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Optical fiber loss testing

There is general agreement in the industry on a test procedure that can be relied on for accurate and repeatable optical loss measurements.


July 1, 2011  


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Optical fiber loss testing is not as simple as it seems. Providing an accurate method for optical loss testing is becoming a lot more important for higher data rate applications that place more stringent requirements on the maximum allowable loss for a channel between an optical transmitter and an optical receiver.

For example, the maximum allowable loss for a 10Gb/s Ethernet channel over OM3 multimode fiber is 2.6 dB. The maximum allowable loss for a 40 Gb/s and a 100 Gb/s Ethernet channel is 1.9 dB over OM3 fiber and 1.5 dB over OM4 fiber.

What I wanted to do for this month’s column is to provide some information on how the method of testing can affect the accuracy of optical loss measurements. Some major factors include 1) the characteristics of light source and how light is coupled into the fiber, 2) the mode conditioning filter that is used, 3) the type and quality of the “test reference cord” and 4) fiber mismatch between the test reference cords and the link under test.

The channel under test can include regular graded-index multimode fibers (MMFs) as well as the newer bend-insensitive multimode fibers (BI-MMFs). There is a task group in TIA TR 42.12 that is currently looking at the performance of newer bend-insensitive multimode fibers compared to regular multimode fibers.

The effective core diameter and the numerical aperture of BI-MMFs can vary as a function of link length because of the propagation of higher order leaky modes.

Leaky modes, which do not propagate in a conventional multimode fiber, can propagate several hundred meters in a BI-MMF.

This can have an affect on the connection loss depending on the distribution of light that is launched into the fiber.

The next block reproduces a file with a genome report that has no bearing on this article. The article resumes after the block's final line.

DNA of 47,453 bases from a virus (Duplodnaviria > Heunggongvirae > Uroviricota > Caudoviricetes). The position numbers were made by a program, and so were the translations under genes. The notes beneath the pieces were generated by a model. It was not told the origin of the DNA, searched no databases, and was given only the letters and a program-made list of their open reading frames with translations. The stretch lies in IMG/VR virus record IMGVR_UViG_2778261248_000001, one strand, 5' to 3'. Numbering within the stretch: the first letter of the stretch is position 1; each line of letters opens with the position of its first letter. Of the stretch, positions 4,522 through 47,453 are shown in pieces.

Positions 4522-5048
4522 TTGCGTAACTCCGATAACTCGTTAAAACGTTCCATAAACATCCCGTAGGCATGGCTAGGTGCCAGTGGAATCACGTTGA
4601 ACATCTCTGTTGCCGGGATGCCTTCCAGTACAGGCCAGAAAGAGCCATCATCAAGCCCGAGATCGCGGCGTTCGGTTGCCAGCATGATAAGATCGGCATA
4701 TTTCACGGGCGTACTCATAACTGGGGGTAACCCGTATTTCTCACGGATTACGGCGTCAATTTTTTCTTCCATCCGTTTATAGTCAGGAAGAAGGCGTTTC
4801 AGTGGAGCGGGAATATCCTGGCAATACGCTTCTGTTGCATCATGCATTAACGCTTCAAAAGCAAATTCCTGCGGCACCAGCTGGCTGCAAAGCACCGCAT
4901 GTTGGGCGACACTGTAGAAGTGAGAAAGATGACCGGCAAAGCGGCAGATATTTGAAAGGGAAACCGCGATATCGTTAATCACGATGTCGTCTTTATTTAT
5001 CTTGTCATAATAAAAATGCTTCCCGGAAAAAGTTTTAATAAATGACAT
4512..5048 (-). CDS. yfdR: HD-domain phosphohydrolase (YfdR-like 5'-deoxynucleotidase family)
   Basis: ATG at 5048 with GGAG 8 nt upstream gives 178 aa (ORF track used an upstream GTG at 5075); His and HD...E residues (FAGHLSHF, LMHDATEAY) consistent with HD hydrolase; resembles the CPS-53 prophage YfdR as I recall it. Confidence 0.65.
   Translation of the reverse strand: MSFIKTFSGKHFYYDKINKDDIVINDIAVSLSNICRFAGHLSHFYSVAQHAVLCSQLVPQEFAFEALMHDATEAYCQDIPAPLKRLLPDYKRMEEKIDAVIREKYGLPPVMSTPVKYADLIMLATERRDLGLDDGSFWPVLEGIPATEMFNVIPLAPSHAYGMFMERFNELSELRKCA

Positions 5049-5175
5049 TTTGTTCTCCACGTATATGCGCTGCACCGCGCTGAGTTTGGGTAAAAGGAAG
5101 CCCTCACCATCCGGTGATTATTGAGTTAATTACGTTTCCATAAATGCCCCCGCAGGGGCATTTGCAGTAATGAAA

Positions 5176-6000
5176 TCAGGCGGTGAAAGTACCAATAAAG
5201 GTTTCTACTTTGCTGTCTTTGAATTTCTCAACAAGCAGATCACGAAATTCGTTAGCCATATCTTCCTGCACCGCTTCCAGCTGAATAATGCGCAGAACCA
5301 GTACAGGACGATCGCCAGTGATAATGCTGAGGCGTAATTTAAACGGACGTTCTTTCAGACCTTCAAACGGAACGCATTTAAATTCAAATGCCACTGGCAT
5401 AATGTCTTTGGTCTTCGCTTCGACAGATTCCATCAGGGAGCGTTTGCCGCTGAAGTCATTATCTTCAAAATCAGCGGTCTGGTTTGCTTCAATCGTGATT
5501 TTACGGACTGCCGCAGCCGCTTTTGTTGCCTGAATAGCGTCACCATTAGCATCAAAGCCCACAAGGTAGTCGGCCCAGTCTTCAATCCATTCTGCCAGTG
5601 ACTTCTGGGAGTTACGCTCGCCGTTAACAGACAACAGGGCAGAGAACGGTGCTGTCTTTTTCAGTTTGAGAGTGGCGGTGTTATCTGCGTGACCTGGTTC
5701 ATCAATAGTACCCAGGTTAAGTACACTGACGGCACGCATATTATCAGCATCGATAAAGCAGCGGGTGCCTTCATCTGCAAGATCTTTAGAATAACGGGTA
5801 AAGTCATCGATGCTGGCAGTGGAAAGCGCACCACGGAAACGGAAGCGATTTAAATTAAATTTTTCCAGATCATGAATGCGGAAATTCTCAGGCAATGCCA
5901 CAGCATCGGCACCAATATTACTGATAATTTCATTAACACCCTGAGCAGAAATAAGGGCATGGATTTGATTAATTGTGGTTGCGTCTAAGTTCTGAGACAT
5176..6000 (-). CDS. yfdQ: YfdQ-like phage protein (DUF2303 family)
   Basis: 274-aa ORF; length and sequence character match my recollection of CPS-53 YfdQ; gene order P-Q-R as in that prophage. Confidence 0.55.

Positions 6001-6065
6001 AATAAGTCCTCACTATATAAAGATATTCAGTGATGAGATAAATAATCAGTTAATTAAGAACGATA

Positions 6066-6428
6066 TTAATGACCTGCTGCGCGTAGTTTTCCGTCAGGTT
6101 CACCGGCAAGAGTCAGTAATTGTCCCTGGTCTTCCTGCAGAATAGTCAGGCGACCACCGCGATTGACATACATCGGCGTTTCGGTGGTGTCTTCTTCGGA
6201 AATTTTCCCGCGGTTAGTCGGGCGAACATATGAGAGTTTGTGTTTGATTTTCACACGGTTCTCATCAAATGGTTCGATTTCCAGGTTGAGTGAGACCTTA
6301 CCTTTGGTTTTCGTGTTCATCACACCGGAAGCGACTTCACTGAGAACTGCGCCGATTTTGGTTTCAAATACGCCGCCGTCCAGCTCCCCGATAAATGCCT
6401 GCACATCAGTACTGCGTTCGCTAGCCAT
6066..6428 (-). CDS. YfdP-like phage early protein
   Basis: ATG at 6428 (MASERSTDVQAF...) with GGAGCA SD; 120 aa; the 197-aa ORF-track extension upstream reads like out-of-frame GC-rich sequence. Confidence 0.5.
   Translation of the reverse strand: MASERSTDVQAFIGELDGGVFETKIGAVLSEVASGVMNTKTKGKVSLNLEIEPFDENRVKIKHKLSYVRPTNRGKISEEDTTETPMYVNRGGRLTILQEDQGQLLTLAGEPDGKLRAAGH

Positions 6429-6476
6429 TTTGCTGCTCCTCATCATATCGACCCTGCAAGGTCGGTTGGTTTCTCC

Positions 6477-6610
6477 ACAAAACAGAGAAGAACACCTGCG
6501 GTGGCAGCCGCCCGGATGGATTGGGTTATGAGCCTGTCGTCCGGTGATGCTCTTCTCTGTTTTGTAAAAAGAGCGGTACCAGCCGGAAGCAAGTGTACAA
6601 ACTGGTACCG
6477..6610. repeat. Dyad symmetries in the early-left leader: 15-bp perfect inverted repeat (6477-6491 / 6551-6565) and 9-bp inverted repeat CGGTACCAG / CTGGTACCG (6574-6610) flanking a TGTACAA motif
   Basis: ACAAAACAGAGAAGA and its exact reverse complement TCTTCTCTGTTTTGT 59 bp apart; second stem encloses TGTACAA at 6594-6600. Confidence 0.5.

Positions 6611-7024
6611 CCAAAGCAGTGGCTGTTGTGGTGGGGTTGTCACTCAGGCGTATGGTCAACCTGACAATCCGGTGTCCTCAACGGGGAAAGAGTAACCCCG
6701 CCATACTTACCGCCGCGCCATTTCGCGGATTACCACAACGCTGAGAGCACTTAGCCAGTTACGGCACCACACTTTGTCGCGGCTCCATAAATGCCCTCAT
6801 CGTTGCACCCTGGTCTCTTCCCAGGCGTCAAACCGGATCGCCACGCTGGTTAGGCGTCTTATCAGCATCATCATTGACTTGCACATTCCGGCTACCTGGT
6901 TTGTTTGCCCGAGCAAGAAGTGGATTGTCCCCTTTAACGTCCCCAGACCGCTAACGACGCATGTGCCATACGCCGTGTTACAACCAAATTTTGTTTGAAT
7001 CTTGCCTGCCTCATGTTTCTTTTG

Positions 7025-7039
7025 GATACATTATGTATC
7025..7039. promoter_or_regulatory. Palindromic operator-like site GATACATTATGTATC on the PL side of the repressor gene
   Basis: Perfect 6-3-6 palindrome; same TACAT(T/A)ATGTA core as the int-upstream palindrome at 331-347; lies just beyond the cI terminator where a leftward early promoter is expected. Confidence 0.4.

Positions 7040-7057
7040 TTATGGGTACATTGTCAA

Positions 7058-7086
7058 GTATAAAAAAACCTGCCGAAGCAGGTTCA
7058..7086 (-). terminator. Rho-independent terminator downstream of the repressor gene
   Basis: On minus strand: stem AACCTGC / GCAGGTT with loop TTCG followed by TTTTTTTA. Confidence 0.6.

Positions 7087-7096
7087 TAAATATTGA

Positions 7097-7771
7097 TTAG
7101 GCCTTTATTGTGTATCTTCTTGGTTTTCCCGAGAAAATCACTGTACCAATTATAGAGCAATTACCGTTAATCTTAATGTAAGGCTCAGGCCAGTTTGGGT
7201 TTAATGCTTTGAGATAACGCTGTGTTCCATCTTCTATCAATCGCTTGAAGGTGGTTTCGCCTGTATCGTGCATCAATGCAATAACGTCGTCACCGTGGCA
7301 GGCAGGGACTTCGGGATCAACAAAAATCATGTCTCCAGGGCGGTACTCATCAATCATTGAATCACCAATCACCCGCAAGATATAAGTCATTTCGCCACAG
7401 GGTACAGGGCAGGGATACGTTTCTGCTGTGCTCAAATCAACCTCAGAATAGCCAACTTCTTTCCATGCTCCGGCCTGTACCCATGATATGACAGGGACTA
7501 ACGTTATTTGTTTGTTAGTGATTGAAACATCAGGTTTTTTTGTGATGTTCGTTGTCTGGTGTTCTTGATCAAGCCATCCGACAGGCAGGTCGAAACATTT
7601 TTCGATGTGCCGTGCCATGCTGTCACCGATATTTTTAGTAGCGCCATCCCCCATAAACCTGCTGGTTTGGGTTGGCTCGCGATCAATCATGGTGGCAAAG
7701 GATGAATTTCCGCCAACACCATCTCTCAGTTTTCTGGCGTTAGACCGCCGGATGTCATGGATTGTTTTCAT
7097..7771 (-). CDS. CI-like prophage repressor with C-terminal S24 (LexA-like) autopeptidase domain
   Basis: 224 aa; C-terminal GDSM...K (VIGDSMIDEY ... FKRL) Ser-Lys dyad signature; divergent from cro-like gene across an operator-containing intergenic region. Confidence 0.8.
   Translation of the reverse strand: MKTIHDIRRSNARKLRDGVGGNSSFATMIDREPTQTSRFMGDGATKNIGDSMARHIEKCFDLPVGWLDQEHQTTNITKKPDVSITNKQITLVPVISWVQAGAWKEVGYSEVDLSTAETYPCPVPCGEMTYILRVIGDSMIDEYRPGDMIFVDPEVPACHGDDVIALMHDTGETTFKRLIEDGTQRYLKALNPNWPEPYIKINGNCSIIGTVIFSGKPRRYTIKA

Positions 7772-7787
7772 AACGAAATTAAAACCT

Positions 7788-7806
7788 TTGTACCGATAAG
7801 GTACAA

This work is still in progress and the recommendations of the task group have not yet been published. However, a number of contributions have pointed to Encircled Flux (EF) as the best test method to use for loss measurements of MMF and BI-MMF optical fiber channels.

What is Encircled Flux or EF? It is a new method of controlling the power distribution of light that is launched from the end of a test reference cord (TRC) when performing optical loss measurements.

The lower and upper boundaries of the light power distribution are specified as a function of the core radius and for each wavelength at 850 nm and 1300 nm.

EF was developed by optical experts to reduce variability in link-loss measurements compared to other optical loss test methods that use an overfilled launch light source and mode conditioning filters (e.g., mandrel wrap).

The Encircled Flux test method is specified in TIA TIA-526-14-B, “Optical Power Loss Measurements of Installed Multimode Fiber Cable.” This standard is “back adopted” and harmonized with IEC 61280-1-4. Encircled Flux is also the test method that is specified in the IEEE 802.3ba Standard for 40 Gb/s Ethernet (40GBSE-SR4) and 100 Gb/s Ethernet (100GBASE-SR10).

The most common method for performing optical loss measurements in the field is to use an Optical Loss Test Set (OLTS) with an overfilled, Category 1, light source (typically an LED) and a test reference cord that is wrapped with five non-overlapping turns around a mandrel.

The mandrel wrap serves as a “high-order mode filter.” The size of the mandrel is specified in the TIA 568-C.0 standard and is selected to meet the launch conditions of ANSI/TIA-455-78B.

The problem with the mandrel wrap method, from our own experience, is that the optical loss measurements can vary significantly when tested using different test equipment. For example, we measured the optical loss of a 20 meter, 2-connector, permanent link using two different OLTS test instruments.

The same test reference cords and mandrel wrap were used for both tests. We found that there was a difference in loss measurements by as much as 0.5 dB between the two different test instruments. We repeated the same tests using the Encircled Flux test method and the results were in agreement within 0.1 dB.

The difference in loss measurements can be attributed to how much light is coupled into the multimode fiber between the different test equipment, in particular the higher order modes.

Although both light sources are specified as Category 1, the specifications are not sufficient to ensure that a consistent modepower distribution is launched from the end of a reference test cord when using a mandrel wrap. A difference of 0.5 dB in loss measurements can mean a difference between a Passing link and a Failing link when working with a loss budgets that are as small as 1.5 dB to 2.6 dB. The good news is that there is general agreement in the industry on a test procedure that can be relied on for accurate and repeatable optical loss measurements.

The Encircled Flux test method reduces loss measurement variation to a goal of +/- 10% for link attenuation measurements greater than 1dB.

EF compliance can be achieved through the use of a modal controller device that is either integrated into the test equipment or an external device that is inserted between the light source and the fiber under test. The EF modal controller device is a passive device that ensures that launch conditions meet the IEC 61280-4-1 requirements regardless of the light source used (LED or laser). CNS